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  • Shared Images: The Innovative Jewelry of Yazzie Johnson & Gail Bird
  • Richard Gay
Diana F. Pardue. Shared Images: The Innovative Jewelry of Yazzie Johnson & Gail Bird. Photography by Craig Smith. Santa Fe: Museum of New Mexico Press, 2007. 187 pp. Color and black-and-white illustrations. Cloth, $45.00.

Among the most well known and innovative Native American jewelers, Yazzi Johnson (Navajo) and Gail Bird (Santo Domingo/Laguna) are noted for their elegant designs that incorporate unusual stones, often resembling landscapes, and nontraditional materials like pearls, opals, and dinosaur bone. This sumptuously illustrated volume is a must for anyone (collector, scholar, or admirer) interested in their work. Written by Diana F. Pardue, curator of collections at the Heard Museum, Phoenix, and expert in southwestern Native jewelry, the book coincides with an exhibition of the same name held February through June 2007 at the museum. This is not, however, an exhibition catalog in the traditional sense, with contextual essays followed by numbered entries about each item on display, but rather a monograph exploring themes, techniques, and most often stylistic features of the artists' work.

In three chapters the author presents the life and stylistic development of the artists. The chapter titles suggest a clearly defined focus, but the material covered is so interconnected that the chapters are rather similar in that they all focus on the stylistic development and to a large extent the thematic belts for which the artists are known. The first chapter, "Developing an Individualistic Style," covers biographical material, the nature of the artists' collaboration, and the early stylistic development of the duo. Childhood friends and collaborators since 1972, Johnson is the largely self-taught silversmith and Bird the perceptive designer. Chapter 2, "Creative Explorations," briefly acknowledges the influence of Charles Loloma (Hopi), specifically, his use of nontraditional materials and his inspiring the overlay technique employed by Johnson and Bird. Since they often use the overlay technique on the reverse of buckles and clasps, they like to refer to it as underlay. The last chapter, "Redefining Direction," is the shortest of the three and addresses the whimsical themes found in their belts beginning around 1995. It also includes brief discussion of other productions, like spoons and bolo ties. The book concludes with an appendix describing most of the artists' thematic belts in chronological order, concho by concho, and reproducing in black and white the reverse of the buckles.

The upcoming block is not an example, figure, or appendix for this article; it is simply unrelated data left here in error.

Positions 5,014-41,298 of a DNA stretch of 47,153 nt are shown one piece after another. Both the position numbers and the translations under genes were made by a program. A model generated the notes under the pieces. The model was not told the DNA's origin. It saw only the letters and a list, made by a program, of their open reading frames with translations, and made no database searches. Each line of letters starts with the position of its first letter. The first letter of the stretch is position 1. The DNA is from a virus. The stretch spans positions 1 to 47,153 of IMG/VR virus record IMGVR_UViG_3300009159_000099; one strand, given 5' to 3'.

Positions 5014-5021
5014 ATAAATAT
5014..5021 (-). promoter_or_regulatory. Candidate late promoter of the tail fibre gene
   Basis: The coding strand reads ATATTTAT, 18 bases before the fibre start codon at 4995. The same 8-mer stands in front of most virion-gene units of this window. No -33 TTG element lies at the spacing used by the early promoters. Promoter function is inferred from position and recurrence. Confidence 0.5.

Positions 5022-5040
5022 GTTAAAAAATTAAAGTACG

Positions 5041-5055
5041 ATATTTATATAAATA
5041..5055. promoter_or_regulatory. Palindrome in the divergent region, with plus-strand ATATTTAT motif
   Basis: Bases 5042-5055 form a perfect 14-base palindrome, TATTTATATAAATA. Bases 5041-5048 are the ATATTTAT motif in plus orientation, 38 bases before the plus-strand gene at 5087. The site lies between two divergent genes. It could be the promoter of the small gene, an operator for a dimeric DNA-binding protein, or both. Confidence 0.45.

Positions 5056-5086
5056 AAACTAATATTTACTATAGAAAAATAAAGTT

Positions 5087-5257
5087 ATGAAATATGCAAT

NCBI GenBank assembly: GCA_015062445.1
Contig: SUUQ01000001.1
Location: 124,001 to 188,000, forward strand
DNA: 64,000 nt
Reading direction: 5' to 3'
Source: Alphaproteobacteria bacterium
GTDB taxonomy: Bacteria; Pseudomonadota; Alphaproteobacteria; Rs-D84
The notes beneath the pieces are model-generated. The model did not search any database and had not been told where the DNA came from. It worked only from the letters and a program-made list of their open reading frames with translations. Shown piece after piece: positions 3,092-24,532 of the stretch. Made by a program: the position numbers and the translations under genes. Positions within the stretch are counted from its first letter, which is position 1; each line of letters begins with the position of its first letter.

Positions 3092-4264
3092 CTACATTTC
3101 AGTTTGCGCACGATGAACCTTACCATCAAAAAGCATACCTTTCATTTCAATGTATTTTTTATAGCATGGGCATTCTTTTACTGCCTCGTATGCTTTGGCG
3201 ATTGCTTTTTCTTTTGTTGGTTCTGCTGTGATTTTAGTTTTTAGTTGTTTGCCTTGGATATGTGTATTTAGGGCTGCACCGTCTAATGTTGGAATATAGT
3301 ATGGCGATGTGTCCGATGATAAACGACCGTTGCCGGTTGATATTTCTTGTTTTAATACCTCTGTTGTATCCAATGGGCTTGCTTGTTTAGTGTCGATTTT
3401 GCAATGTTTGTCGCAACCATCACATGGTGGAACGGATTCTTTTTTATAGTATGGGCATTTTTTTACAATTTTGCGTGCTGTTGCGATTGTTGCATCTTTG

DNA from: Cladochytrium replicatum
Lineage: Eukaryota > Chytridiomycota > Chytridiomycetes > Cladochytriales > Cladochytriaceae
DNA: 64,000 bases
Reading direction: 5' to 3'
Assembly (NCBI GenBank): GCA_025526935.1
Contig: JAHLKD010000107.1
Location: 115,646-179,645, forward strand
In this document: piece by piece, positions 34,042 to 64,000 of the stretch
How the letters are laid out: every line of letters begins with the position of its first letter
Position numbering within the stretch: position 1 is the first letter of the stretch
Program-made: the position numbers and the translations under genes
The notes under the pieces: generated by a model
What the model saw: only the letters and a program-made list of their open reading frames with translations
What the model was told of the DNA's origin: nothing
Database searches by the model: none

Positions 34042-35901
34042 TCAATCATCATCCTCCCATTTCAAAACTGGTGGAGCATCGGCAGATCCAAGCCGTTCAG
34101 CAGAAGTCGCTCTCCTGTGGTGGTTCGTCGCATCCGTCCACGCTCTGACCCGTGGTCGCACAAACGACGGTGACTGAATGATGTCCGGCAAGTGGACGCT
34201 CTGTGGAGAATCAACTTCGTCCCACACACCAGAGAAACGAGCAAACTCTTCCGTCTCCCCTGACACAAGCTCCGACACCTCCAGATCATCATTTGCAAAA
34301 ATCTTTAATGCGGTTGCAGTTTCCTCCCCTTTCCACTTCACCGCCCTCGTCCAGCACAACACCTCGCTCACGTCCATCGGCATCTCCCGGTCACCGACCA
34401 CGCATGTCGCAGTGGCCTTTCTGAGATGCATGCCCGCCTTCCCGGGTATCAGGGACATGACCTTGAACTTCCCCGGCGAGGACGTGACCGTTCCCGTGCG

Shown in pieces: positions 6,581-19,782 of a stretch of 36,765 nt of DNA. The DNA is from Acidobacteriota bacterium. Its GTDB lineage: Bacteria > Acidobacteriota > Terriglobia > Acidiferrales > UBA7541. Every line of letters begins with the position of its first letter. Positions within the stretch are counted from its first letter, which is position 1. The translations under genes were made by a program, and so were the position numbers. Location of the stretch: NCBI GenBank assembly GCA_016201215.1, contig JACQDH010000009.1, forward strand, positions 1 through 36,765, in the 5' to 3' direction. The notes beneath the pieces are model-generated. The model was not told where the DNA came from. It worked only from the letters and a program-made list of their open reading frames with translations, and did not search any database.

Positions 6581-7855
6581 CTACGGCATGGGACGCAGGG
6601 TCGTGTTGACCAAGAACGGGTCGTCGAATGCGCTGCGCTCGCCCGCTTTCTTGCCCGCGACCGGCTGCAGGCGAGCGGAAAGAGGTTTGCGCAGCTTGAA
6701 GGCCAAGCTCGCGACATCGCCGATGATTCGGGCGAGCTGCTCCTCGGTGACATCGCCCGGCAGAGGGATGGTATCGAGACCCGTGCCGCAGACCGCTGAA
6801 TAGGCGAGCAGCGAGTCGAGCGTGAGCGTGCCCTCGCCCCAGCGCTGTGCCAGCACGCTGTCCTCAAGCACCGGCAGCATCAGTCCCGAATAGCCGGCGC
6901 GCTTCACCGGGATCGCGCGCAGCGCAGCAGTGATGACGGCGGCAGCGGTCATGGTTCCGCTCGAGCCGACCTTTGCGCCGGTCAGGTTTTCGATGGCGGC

Throughout the book are useful sidebars that explain metalwork techniques and how elements like conchos, bezels, and bolo tips are fabricated. Techniques as diverse as pulling wire, tufa casting, and cutting and polishing stones are succinctly explained and often illustrated with photographs of Johnson at work. The sidebars demystify jewelry production for the novice, and the images of [End Page 405] Johnson at work personalize the fabrication process, making the connection between the artist and viewer more intimate.

Beautifully illustrated throughout with photographs by Craig Smith, the book also includes long sections of images and captions that make the book a delight to page through. These sections leave the reader acutely aware of the tactile physical properties of the fine jewelry, which cannot be reproduced in a book but rather must be experienced.

The reader is left with a good sense of the rich variety of jewelry produced (belts, rings, bracelets, necklaces, earrings, etc.) and the exceptional quality of the work in terms of both its sophisticated design and its fabrication. One is also left with an understanding of the innovative spirit of the artists. When they first entered a thematic belt in competition at the Southwestern Association for Indian Arts Market in Santa Fe in 1979, it was rejected because it did not fit a traditional jewelry category. The problem was rectified with the creation of new categories the next year. Because of preconceived notions about Indian jewelry, viewers often question whether the artists' work is Indian or not, a query that Bird admits she likes. One also gets a sense of the enthusiasm for life, nature, and tradition that inspires the work. Each thematic belt is titled, an indication that the artists are more interested in fine art jewelry than mass production, and the titles, like Before...


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pp. 405-406
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